'There's no turning back'
President Biden on Thursday took an ambitious drive toward reducing greenhouse gas emissions, with buy-in from some of the largest U.S. automakers. He signed an executive order setting a target that electric vehicles make up half of U.S. automobile sales by 2030, and the Environmental Protection Agency proposed new rules that would require tougher fuel-efficiency standards by 2026.
Gas-powered cars and trucks are the single largest source of U.S. greenhouse gas emissions.
The EPA's fuel-efficiency rules would essentially get the U.S. back to a goal set by former President Barack Obama, but the EV boost would be transformative. Standing in front of an electric GM Hummer and Ford F-150 pickup and a plug-in hybrid Jeep Wrangler on Thursday afternoon, Biden said these electric vehicles are "a vision of the future that is now beginning to happen, a future of the automobile industry that is electric."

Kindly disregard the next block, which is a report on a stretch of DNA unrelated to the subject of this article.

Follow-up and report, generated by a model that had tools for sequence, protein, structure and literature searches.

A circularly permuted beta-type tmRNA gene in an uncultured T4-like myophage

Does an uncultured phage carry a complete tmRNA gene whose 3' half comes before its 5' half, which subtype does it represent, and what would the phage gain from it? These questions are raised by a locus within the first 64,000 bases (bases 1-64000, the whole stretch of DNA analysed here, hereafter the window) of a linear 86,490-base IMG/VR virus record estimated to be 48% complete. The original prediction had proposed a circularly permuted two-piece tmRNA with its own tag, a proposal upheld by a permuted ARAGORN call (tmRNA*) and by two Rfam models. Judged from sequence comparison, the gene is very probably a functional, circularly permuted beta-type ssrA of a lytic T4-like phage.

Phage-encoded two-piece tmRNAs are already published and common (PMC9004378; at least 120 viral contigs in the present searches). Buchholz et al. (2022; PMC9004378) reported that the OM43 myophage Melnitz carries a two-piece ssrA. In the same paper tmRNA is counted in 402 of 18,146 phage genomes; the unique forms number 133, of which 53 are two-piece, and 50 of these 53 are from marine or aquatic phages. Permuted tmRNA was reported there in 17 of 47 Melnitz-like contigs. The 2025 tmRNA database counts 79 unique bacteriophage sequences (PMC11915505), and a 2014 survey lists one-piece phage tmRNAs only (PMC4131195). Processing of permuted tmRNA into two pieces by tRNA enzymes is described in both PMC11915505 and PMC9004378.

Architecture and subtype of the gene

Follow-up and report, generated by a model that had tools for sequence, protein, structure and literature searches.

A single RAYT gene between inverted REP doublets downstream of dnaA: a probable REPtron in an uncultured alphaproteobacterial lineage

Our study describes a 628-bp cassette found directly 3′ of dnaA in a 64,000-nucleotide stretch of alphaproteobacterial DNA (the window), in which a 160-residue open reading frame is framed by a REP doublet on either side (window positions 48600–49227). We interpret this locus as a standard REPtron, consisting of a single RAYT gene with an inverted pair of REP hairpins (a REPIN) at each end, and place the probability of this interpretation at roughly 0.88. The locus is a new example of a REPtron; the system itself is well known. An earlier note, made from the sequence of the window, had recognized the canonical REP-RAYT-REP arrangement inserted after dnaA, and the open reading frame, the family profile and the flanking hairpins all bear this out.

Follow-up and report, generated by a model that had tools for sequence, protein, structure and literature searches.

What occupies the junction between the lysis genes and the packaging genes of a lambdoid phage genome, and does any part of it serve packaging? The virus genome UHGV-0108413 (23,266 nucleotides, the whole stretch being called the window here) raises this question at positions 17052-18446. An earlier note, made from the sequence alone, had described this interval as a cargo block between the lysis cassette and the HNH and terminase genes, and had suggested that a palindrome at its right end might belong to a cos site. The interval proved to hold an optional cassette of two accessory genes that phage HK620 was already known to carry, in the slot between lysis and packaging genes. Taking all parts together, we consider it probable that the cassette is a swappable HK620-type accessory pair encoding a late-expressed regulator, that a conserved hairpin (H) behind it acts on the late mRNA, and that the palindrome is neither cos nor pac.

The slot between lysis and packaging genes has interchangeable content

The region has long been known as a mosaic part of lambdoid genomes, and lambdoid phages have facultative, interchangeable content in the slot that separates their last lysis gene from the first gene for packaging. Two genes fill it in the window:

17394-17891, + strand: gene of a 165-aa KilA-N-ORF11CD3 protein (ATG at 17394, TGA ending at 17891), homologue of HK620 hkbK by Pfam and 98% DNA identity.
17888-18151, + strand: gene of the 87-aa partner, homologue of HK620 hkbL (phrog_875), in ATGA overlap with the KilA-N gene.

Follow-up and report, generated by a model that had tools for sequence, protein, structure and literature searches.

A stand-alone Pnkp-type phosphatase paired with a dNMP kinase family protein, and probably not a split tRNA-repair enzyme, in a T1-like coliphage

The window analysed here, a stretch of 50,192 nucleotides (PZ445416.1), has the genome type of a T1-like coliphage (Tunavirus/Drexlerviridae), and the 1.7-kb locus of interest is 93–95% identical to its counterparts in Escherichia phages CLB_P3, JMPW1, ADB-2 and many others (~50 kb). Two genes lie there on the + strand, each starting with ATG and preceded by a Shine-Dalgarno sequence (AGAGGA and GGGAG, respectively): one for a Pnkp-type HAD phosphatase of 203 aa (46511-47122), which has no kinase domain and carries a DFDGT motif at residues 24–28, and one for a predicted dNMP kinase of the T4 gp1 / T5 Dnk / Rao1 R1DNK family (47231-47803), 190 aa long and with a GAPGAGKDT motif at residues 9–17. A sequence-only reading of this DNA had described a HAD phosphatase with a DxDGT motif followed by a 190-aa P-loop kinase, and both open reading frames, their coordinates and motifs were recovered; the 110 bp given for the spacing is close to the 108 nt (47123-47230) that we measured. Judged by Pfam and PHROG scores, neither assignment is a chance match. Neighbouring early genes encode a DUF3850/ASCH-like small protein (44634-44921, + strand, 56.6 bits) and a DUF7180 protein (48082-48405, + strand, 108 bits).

"There's no turning back," Biden said. "The question is whether we lead or fall behind in the race for the future." Biden, the "car guy" president, was "in obvious good spirits" as he sold the pleasures of elective vehicles, The Associated Press reports. He took the Jeep Wrangler on a quick spin around the White House driveway, and during his remarks he turned to GM CEO Mary Barra and called dibs on test-driving the first electric Corvette. "You think I'm kidding," he said. "I'm not kidding."
EV sales are on the rise in the U.S., but still only a sliver of the U.S. market — about 3 percent of all new vehicles sold in May and June, up from 1.4 percent in 2020. Can U.S. automakers and consumers really bump that number to 50 percent in nine years?
Biden's target is nonbinding, and the auto industry only committed Thursday to aspiring to hit 40-50 percent EV sales by 2030, as CBS News notes.
GM, Ford, and Stellantis (Fiat Chrysler) said their 40-50 percent target "can be achieved only with the timely deployment of the full suite of electrification policies committed to" in bipartisan infrastructure legislation, including money for EV charging stations, battery development and production, and consumer tax credits. If those measures are in place, "the auto industry is poised to accept the challenge," said John Bozzella, president of the Alliance for Automotive Innovation trade group. The wild card is consumers.